Cheri Williams lives with her five children and husband in Jewett City.

King’s Chapel, she said “has helped me realize the saving grace of Christ.” She believes that people who accept Spademan’s guidance can draw closer to God.

“We all have gifts. Hers is a special gift to help guide us. When I have been counseled, it was to my benefit. I have become a better Christian as a result,” said the 38-year-old housewife. “(Spademan) is a sister in Christ. I respect her, but I don’t worship her.”

Williams says that many church members give generously, but the choice is their own. She feels that she has received numerous blessings in return for the money she has donated. Williams’ husband, however, is not a church member and has urged her to leave.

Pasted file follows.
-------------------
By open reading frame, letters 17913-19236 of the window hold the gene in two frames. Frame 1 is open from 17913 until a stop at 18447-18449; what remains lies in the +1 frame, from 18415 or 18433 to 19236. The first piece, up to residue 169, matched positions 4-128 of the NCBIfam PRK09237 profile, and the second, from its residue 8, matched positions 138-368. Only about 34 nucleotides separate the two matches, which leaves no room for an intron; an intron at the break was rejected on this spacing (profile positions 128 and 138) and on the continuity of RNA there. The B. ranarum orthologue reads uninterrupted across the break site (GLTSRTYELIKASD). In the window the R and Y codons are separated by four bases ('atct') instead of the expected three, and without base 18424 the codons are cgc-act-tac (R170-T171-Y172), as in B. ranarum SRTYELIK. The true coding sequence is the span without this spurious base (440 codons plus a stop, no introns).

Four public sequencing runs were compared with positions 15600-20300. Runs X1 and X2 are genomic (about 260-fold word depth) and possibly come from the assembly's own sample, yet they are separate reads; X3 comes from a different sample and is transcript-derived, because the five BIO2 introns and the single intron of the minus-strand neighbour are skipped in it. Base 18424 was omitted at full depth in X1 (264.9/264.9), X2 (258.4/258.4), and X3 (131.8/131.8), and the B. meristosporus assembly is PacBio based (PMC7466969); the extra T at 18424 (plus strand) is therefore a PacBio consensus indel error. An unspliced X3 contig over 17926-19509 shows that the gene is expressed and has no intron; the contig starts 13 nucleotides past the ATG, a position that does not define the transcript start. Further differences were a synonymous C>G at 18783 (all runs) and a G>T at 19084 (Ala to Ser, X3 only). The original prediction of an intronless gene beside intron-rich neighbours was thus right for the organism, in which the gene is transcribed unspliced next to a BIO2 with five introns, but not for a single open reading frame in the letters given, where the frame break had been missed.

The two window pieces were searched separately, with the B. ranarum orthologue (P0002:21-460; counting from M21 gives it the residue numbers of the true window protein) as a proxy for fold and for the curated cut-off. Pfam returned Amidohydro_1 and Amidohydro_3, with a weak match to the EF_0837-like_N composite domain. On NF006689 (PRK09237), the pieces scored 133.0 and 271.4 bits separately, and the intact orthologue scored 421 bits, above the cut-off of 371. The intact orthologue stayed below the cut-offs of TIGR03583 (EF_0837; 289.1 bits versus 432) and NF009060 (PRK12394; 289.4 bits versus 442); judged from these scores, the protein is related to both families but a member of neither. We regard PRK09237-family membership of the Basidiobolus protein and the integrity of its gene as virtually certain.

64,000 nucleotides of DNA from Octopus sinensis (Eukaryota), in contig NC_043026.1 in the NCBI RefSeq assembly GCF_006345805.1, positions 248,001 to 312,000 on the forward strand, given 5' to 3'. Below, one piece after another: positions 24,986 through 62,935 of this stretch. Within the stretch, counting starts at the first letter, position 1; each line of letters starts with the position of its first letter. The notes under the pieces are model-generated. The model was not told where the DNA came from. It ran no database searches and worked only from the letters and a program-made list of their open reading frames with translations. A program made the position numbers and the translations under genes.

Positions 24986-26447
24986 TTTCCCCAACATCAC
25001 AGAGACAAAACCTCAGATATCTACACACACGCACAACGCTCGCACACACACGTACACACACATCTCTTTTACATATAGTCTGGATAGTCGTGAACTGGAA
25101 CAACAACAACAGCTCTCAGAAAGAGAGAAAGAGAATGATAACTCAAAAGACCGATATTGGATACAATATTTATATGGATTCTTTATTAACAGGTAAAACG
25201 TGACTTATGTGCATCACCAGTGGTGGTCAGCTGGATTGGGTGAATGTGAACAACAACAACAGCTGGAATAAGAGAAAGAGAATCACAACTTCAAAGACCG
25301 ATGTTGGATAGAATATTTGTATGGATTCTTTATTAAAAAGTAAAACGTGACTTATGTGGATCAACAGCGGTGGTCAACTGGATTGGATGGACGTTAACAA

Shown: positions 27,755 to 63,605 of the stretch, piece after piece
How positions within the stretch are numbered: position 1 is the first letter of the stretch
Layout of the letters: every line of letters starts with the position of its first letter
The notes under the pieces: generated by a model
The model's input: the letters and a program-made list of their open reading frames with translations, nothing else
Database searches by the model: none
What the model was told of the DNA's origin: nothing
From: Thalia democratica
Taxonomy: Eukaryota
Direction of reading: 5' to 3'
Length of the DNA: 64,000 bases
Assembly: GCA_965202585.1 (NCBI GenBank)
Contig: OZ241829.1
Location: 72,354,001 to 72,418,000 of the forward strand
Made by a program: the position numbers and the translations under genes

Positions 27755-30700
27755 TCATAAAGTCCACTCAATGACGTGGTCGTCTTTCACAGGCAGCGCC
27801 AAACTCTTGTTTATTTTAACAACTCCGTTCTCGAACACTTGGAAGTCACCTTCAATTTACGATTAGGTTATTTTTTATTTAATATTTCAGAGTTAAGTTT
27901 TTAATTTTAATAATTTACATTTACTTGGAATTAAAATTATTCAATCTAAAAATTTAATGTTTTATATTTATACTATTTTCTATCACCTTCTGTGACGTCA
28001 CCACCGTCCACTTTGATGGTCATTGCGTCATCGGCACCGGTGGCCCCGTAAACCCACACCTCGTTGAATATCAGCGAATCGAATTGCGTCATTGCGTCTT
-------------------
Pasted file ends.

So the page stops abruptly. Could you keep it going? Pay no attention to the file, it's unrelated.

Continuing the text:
In a general response to the claim that King’s Chapel is a cult, Spademan said, “We are being accused by the few that can’t face their own problems. And they like to pretend the problems don’t exist and put them onto someone else.”

She says she is particularly troubled that “people who shared our homes, shared our lives, shared our families” are trying to hurt the church.

“Flesh would say strike back, because that’s what flesh is,” she said. “Flesh likes to strike back.”

For his part, Hibbert said, “I will not be drawn into defending myself, even though I would love to do so. The natural person would love to do so.”

Roberta Braunstein is married with two teen-agers, one of them adopted. Now 51, she has had a law practice in Jewett City for years and has belonged to the church for 14 years.